There are many areas where the scenery is highly valued locally and local authorities often give these landscapes a local designation. This is to ensure that the landscape is not damaged by inappropriate development, and in some cases encourage positive landscape management. These designations play an important role in developing an awareness of the landscape qualities that make particular areas distinctive and promote a community's sense of pride in their surroundings. The names used for such Local Landscape Areas currently vary from one local authority to another. For example, they are termed 'Areas of Great Landscape Value' in Moray, 'Special Landscape Areas' in Dumfries and Galloway, and 'Sensitive Landscape Character Areas' in Ayrshire. Guidance published by Scottish Natural Heritage and Historic Scotland (see below) suggests the name be standardised to Local Landscape Areas (LLA) now. LLAs complement the National Scenic Area designation, which identifies those landscapes that are seen as nationally important owing to their unsurpassed scenery. http://www.snh.gov.uk/protecting-scotlands-nature/protected-areas/local-designations/local-landscape-areas/
Seal haul-out sites are designated under section 117 of Marine (Scotland) Act 2010. Harassing a seal (intentionally or recklessly) at a haul-out site is an offence. “Haul-out site” means any place which the Scottish Ministers, after consulting the Natural Environment Research Council, by order designate as such for the purposes of this section.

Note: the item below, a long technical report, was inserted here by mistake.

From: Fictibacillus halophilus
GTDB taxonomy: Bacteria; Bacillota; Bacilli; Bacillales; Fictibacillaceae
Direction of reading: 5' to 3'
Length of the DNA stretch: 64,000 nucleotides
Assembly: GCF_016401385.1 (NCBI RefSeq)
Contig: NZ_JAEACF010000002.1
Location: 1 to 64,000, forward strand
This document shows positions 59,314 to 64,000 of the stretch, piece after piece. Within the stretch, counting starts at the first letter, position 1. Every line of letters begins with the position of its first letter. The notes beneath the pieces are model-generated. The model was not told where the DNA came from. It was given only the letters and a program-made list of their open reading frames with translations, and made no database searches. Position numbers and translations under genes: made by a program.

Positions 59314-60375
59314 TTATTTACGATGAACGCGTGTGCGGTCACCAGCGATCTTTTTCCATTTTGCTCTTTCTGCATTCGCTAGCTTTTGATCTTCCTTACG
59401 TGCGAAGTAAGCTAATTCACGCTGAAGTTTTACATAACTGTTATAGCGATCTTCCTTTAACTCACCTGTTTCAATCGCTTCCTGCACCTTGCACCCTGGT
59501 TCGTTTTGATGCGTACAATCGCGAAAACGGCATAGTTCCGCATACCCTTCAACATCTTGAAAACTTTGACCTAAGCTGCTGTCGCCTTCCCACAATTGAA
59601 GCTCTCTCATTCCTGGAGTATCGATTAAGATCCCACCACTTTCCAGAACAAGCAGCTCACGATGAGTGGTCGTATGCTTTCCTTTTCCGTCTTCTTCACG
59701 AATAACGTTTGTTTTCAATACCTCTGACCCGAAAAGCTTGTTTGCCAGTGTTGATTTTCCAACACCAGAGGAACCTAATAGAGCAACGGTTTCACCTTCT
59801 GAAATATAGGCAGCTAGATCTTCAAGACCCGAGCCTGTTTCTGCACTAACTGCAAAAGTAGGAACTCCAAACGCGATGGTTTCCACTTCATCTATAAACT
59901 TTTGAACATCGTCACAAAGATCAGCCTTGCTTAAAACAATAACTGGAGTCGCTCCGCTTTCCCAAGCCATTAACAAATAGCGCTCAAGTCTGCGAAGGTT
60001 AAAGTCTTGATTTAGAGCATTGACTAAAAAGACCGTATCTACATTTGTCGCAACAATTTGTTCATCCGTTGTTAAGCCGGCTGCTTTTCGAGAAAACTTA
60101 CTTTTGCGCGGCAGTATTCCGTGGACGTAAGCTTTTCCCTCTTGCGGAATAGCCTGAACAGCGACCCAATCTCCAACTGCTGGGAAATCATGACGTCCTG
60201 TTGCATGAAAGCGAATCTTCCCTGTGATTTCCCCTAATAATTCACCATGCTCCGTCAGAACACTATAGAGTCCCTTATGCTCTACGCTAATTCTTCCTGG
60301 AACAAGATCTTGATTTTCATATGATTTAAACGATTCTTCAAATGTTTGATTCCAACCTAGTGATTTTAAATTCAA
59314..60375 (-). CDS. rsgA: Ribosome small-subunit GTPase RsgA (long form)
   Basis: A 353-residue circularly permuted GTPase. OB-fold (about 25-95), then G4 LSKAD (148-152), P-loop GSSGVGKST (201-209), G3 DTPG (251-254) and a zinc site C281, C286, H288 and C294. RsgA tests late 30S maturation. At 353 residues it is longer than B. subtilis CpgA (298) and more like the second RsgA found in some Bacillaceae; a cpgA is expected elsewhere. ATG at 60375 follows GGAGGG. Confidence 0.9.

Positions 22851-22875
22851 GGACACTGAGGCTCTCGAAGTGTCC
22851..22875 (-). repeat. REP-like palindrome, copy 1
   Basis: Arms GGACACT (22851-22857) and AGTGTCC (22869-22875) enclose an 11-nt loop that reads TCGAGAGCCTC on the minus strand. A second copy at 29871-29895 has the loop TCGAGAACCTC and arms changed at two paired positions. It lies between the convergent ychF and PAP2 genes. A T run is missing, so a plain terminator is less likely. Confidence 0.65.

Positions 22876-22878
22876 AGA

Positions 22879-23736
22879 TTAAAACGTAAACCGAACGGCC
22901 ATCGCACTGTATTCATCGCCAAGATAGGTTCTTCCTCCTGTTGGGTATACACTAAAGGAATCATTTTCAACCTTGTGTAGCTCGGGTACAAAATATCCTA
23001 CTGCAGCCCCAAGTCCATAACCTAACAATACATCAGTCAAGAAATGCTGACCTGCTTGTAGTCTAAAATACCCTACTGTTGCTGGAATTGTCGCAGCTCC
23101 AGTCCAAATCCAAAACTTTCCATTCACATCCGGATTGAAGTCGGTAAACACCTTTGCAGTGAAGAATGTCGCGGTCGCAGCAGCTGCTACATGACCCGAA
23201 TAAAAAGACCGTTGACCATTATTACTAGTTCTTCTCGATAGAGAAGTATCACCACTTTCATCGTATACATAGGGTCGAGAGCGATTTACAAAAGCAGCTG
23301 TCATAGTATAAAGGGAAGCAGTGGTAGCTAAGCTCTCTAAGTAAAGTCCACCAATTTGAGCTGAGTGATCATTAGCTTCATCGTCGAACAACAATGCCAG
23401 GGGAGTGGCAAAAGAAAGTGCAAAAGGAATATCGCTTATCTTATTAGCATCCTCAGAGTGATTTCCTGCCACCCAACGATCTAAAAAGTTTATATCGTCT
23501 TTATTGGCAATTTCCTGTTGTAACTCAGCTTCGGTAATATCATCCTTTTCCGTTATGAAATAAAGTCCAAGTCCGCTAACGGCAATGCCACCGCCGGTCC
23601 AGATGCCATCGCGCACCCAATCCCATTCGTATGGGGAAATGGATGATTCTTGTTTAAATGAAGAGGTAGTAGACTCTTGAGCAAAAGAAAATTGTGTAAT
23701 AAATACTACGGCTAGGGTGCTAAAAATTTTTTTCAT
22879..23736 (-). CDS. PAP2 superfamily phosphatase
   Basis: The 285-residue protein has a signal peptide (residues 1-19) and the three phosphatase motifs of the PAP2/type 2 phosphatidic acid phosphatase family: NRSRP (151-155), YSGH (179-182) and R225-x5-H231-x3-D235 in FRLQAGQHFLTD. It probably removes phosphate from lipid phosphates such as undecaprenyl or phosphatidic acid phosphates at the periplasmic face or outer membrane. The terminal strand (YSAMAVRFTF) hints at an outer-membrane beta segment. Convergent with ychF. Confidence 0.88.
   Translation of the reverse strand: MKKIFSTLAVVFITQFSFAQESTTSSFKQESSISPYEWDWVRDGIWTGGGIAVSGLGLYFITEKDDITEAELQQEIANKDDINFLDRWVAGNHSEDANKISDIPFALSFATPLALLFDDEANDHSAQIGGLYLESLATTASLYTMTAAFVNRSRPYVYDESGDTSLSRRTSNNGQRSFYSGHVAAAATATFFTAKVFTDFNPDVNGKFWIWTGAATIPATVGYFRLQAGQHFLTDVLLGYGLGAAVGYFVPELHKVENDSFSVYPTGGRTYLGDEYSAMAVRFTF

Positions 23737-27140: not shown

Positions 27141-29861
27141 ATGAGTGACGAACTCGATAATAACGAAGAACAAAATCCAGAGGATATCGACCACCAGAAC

The Environmentally Sensitive Areas (ESA's) scheme was first introduced in 1987. The ESA scheme was introduced in Scotland to help conserve specially designated areas of the countryside where the landscape, wildlife or historic interest is of particular importance and where these environmental features can be affected by farming operations. ESA's were designated under powers given to the Secretary of State in the Agriculture Act 1986. In addition Parliament approved individual Statutory Instruments which set out the terms and conditions for each designated area. There are 10 ESA's currently operating in Scotland
The central core area (darkest sky) of the Galloway Dark Sky Park. The Galloway Forest Park received Gold Tier Dark Sky Park Status from the International Dark Sky Association in 2009 due to the exceptional quality of the night sky.
The European Diploma is an award established by the Council of Europe under Regulation (65) 6 of the Committee of Ministers of the Council of Europe of 6 March 1965 for certain landscapes, reserves and protected national features, and Resolution (73) 4 of 19 January 1973 on the Regulations for the European Diploma (amended and revised by Resolution (88) 39 of 5 December 1988, (89) 12 of 19 June 1989 and (91) 16 of 17 June 1989). By awarding the European Diploma, the Council of Europe recognises that the area is of particular European interest for natural-heritage and that the area is properly protected. The Diploma can be awarded to national parks, nature reserves or natural areas, sites or features. The award is for a five-year period. Annual reports are required for each area, and the renewal of the award at 5 years is only made after independent assessment of the site. The Diploma can be withdrawn at any time if the area comes under threat or suffers serious damage.